You fall ill with suspected Covid-19, call an autonomous ambulance and are whizzed to hospital, with traffic lights automatically turning green as you approach. On the way, the vehicle measures your vital signs and transmits them to the medical team, so they are ready for your arrival, increasing your chance of quick and effective treatment.
This scenario may sound futuristic, but in London it is potentially closer than you might think, thanks to the city’s pioneering approach to using digital information across a range of sectors from healthcare and the environment to transport and energy.
London is a pioneer of smart city technology
Digitalisation entails viewing data capture and processing in real time as a resource that is as important as water or energy. It combines sensors and video cameras with internet of things connectivity and will be the basis of smart cities.
It has led to numerous apps from 17,000 developers using Transport for London’s 89 travel feeds alone. Probably the best known is Citymapper, a journey planner launched in 2012, which provides route suggestions and calculates estimated time of arrival. It has expanded beyond London to 39 cities worldwide.
Many applications have been made possible by The London Datastore, introduced in 2010 to make some of city’s data accessible to the public. By 2019, this had grown from 50 datasets to some 700. London’s mayor, Sadiq Khan, is keen for London to continue to be a pioneer of smart city technology.
In support of better health, digitalisation is helping protect people from Covid-19 in multiple ways, from monitoring / improving air quality and encouraging cycling to keeping people safe at work. The UN forecasts that by 2050, two-thirds of the world’s population will live in cities. Cleaner air is crucial to keeping them healthy.
Digitalisation has allowed London to introduce the world’s first Ultra Low Emission Zone (ULEZ), requiring vehicles that visit the city centre to meet strict emission standards or pay a daily charge. A network of sensors monitors traffic flow and forecasts pollution levels to warn support agencies and vulnerable individuals.
Adaptive algorithms are used to adjust traffic light timings automatically, letting more vehicles flow through the road network with fewer delays. This has reduced roadside nitrogen dioxide by 44% since February 2017. Here there is the potential for more to come with active traffic flow management to reduce congestion and help improve air quality in hotspots further.
Life is also being transformed inside buildings, where we spend 90% of our time. Post-lockdown, digitalisation can play a huge role in encouraging people back to the workplace by making it as comfortable and as safe as possible.
Smart buildings learn what suits their occupants, and adapt. At Siemens, for example, we are rolling out an app called Comfy that helps building operators better manage the many systems and lets employees book a desk as they might a seat on a train. They can also navigate offices and campuses with maps, locate colleagues and personalise temperature and lighting levels.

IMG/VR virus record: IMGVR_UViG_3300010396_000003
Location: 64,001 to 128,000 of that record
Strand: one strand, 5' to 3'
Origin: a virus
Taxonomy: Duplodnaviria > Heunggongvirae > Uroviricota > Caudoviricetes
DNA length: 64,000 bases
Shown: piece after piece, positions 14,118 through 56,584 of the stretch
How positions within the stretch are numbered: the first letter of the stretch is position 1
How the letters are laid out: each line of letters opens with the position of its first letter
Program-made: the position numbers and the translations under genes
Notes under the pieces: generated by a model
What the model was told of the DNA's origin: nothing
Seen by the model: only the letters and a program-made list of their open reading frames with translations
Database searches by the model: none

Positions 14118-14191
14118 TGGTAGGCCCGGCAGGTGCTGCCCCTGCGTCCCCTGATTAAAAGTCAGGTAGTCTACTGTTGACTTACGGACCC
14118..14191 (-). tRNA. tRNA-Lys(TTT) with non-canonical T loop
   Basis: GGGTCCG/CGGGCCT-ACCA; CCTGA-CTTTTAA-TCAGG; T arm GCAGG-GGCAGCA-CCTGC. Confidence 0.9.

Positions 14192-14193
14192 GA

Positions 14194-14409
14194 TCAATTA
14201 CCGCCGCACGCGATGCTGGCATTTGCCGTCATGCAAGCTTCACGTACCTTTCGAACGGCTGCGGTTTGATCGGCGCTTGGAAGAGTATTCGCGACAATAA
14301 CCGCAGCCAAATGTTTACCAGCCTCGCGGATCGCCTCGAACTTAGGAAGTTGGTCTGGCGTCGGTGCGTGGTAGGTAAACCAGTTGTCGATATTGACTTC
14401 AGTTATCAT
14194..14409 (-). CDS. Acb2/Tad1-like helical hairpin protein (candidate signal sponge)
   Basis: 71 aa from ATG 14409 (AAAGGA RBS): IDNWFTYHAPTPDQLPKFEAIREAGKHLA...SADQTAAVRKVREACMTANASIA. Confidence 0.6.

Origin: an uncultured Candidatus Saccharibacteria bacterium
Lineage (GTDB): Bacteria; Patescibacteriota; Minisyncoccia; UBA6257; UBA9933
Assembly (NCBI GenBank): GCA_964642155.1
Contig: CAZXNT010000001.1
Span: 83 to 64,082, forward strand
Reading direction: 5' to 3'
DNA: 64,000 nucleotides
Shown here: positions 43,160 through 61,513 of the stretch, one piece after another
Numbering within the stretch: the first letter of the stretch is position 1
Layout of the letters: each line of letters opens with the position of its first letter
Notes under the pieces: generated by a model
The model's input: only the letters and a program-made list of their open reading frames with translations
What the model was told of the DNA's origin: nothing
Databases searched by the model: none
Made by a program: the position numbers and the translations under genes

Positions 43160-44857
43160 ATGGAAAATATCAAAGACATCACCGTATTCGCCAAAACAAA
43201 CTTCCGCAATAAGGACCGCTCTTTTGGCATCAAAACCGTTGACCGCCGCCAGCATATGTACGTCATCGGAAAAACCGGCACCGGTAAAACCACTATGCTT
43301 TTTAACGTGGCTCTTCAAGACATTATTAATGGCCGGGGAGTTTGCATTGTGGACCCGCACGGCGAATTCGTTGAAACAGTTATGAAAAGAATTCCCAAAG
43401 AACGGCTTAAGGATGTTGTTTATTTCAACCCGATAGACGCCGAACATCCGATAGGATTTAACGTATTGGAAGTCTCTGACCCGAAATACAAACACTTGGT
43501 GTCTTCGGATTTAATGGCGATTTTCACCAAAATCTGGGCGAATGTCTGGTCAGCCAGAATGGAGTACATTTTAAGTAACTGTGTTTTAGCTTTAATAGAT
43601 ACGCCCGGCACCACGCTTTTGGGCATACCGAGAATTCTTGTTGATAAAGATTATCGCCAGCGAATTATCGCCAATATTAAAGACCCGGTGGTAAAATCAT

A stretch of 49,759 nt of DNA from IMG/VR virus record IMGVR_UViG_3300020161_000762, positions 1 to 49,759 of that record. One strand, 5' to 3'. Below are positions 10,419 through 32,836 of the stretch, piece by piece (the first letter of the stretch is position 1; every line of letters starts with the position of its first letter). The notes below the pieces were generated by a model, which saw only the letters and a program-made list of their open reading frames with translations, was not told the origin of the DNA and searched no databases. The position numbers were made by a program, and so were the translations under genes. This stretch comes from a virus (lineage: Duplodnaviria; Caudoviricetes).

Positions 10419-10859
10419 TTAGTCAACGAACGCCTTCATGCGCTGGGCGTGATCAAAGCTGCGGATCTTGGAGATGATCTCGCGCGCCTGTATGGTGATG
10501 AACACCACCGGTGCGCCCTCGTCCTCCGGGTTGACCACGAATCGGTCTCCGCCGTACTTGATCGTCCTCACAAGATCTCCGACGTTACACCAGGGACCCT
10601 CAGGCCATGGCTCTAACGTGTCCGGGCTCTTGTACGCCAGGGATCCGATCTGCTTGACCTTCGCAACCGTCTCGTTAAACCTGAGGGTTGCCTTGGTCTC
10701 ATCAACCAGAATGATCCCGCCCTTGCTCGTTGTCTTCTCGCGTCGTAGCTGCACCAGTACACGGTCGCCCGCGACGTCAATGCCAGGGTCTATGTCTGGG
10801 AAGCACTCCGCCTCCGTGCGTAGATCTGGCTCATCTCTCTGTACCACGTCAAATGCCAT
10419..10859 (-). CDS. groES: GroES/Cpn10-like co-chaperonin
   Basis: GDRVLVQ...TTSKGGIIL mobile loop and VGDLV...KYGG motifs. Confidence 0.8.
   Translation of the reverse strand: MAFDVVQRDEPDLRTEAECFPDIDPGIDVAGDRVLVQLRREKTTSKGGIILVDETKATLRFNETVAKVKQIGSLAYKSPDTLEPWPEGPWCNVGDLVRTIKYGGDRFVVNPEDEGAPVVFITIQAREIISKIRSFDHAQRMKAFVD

Eventually, sensors as part of the Internet of Things will let staff view the occupancy of desks, rooms and offices in real time. And we are exploring the use of software models, or “digital twins”, to simulate the movement of people in large public buildings such as stations and airports to help avoid overcrowding.
Apps can also control access using people’s devices, such as their mobile phones, helping protect them from exposure to potential Covid-19 spreaders. In addition, software is being developed to facilitate antibody testing, temperature checking, and track and trace.
Analysis of supply chains has a role to play in keeping cities resilient, by identifying which parts are most sensitive to disruption. This helps ensure supplies of food and medication.
Reducing energy demand and therefore cutting carbon emissions is another area where progress is being made. In Manchester, Siemens has been working with the city council and universities to flatten peak demand on the power network and increase local use of renewable and low-carbon energy.
Data transparency is vital for trust
A possible barrier to the success of smart city apps is people’s resistance to sharing their personal information. However, individuals are often willing to compromise if they see a benefit, for example, avoiding a road toll if they take a less congested route.
Persuading people to share data will require transparency about why the information is being collected and how it will be used and protected.
Artificial intelligence, machine learning, virtual and augmented reality, along with advances in sensor and communications technology, will enable entrepreneurs to develop many more apps to help city dwellers stay healthy.
But to create the resilient and sustainable urban environments we need for the future, we must get better at analysing data. This requires close co-operation between businesses and the public sector. Entrepreneurs and city administrators have to work together. Only then, will we realise the full potential of digitalisation to transform cities.
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